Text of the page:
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Fiona C. Bull, Lise Gauvin, Adrian Bauman, Trevor Shilton, Harold W. Kohl III and Art Salmon

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Jonine Jancey, Andy Lee, Peter Howat, Ann Clarke, Kui Wang and Trevor Shilton

This study investigated attrition in a 6-month physical activity intervention for older adults. The program was based on the social-cognitive theory incorporating self-efficacy factors. Two hundred forty-eight insufficiently active 65- to 74-year-olds were recruited from the Australian federal electoral roll. The intervention comprised walking and strength and flexibility exercises and was conducted in 30 local neighborhoods where the participants resided. Characteristics of individuals lost to attrition (n = 86, 35%) were compared with those of program completers (n = 162, 65%). Logistic-regression analysis showed that those lost to attrition came from areas of lower socioeconomic status, were overweight and less physically active, and had lower walking self-efficacy scores and higher loneliness scores. The results suggest that early assessment of these characteristics should be undertaken to identify individuals at risk of attrition, to improve retention, and to avoid potential bias.

Open access

Artur Direito, Joseph J. Murphy, Matthew Mclaughlin, Jacqueline Mair, Kelly Mackenzie, Masamitsu Kamada, Rachel Sutherland, Shannon Montgomery, Trevor Shilton and on behalf of the ISPAH Early Career Network

Increasing population levels of physical activity (PA) can assist in achieving the United Nations sustainable development goals, benefiting multiple sectors and contributing to global prosperity. Practices and policies to increase PA levels exist at the subnational, national, and international levels. In 2018, the World Health Organization launched the first Global Action Plan on Physical Activity (GAPPA). The GAPPA provides guidance through a framework of effective and feasible policy actions for increasing PA, and requires engagement and advocacy from a wide spectrum of stakeholders for successful implementation of the proposed actions. Early career professionals, including researchers, practitioners, and policymakers, can play a major role with helping “all people being regularly active” by contributing to 4 overarching areas: (1) generation—of evidence, (2) dissemination—of key messages and evidence, (3) implementation—of the evidence-based actions proposed in the GAPPA, and (4) contributing to advocacy for robust national action plans on PA. The contribution of early career professionals can be achieved through 5 pathways: (1) research, (2) workplace/practice, (3) business, (4) policy, and (5) professional and public opinion. Recommendations of how early career professionals can contribute to the generation, dissemination, and implementation of the evidence and actions proposed by the GAPPA are provided.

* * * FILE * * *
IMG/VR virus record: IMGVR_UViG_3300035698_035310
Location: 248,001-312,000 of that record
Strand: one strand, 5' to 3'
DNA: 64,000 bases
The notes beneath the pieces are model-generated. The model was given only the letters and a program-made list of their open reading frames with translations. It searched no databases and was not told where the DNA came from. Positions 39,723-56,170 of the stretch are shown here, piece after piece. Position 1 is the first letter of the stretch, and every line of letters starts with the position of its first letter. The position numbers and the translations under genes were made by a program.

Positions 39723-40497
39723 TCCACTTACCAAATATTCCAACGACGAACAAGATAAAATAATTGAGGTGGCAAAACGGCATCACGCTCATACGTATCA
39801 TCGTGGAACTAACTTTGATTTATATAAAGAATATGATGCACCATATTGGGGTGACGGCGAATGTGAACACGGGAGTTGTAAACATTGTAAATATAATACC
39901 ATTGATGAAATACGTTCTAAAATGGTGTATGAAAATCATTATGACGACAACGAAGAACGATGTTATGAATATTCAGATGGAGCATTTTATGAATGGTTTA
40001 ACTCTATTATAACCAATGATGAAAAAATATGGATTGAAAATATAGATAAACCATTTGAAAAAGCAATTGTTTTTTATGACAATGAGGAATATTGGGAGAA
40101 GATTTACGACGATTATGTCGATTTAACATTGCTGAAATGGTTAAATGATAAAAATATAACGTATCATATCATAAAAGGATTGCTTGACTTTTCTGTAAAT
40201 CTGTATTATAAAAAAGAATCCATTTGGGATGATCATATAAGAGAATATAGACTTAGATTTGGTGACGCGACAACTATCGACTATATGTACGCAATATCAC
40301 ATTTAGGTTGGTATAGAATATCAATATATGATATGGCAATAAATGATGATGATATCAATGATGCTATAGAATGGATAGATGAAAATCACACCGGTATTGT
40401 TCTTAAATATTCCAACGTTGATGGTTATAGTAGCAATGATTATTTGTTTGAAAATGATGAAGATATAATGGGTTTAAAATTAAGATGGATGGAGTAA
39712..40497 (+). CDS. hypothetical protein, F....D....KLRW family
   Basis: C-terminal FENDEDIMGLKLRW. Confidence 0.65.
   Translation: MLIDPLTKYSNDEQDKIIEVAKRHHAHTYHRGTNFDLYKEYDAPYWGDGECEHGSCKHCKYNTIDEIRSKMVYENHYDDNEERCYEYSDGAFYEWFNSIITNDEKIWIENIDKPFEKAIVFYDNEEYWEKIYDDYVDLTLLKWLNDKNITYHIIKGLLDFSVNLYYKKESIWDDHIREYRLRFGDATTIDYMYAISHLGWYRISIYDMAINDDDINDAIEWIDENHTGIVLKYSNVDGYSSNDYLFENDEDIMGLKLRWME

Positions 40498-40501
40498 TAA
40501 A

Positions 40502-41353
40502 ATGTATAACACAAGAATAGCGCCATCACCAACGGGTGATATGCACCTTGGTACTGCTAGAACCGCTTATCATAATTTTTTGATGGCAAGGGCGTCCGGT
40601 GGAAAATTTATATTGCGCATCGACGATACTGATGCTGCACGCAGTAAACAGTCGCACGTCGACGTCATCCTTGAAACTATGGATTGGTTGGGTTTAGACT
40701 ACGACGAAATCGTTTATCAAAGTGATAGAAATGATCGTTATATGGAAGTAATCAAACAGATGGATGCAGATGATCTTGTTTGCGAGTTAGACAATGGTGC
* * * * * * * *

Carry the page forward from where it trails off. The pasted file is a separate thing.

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Natasha Schranz, Tim Olds, Dylan Cliff, Melanie Davern, Lina Engelen, Billie Giles-Corti, Sjaan Gomersall, Louise Hardy, Kylie Hesketh, Andrew Hills, David Lubans, Doune Macdonald, Rona Macniven, Philip Morgan, Tony Okely, Anne-Maree Parish, Ron Plotnikoff, Trevor Shilton, Leon Straker, Anna Timperio, Stewart Trost, Stewart Vella, Jenny Ziviani and Grant Tomkinson

Background:

Like many other countries, Australia is facing an inactivity epidemic. The purpose of the Australian 2014 Physical Activity Report Card initiative was to assess the behaviors, settings, and sources of influences and strategies and investments associated with the physical activity levels of Australian children and youth.

Methods:

A Research Working Group (RWG) drawn from experts around Australia collaborated to determine key indicators, assess available datasets, and the metrics which should be used to inform grades for each indicator and factors to consider when weighting the data. The RWG then met to evaluate the synthesized data to assign a grade to each indicator.

Results:

Overall Physical Activity Levels were assigned a grade of D-. Other physical activity behaviors were also graded as less than average (D to D-), while Organized Sport and Physical Activity Participation was assigned a grade of B-. The nation performed better for settings and sources of influence and Government Strategies and Investments (A- to a C). Four incompletes were assigned due to a lack of representative quality data.

Conclusions:

Evidence suggests that physical activity levels of Australian children remain very low, despite moderately supportive social, environmental and regulatory environments. There are clear gaps in the research which need to be filled and consistent data collection methods need to be put into place.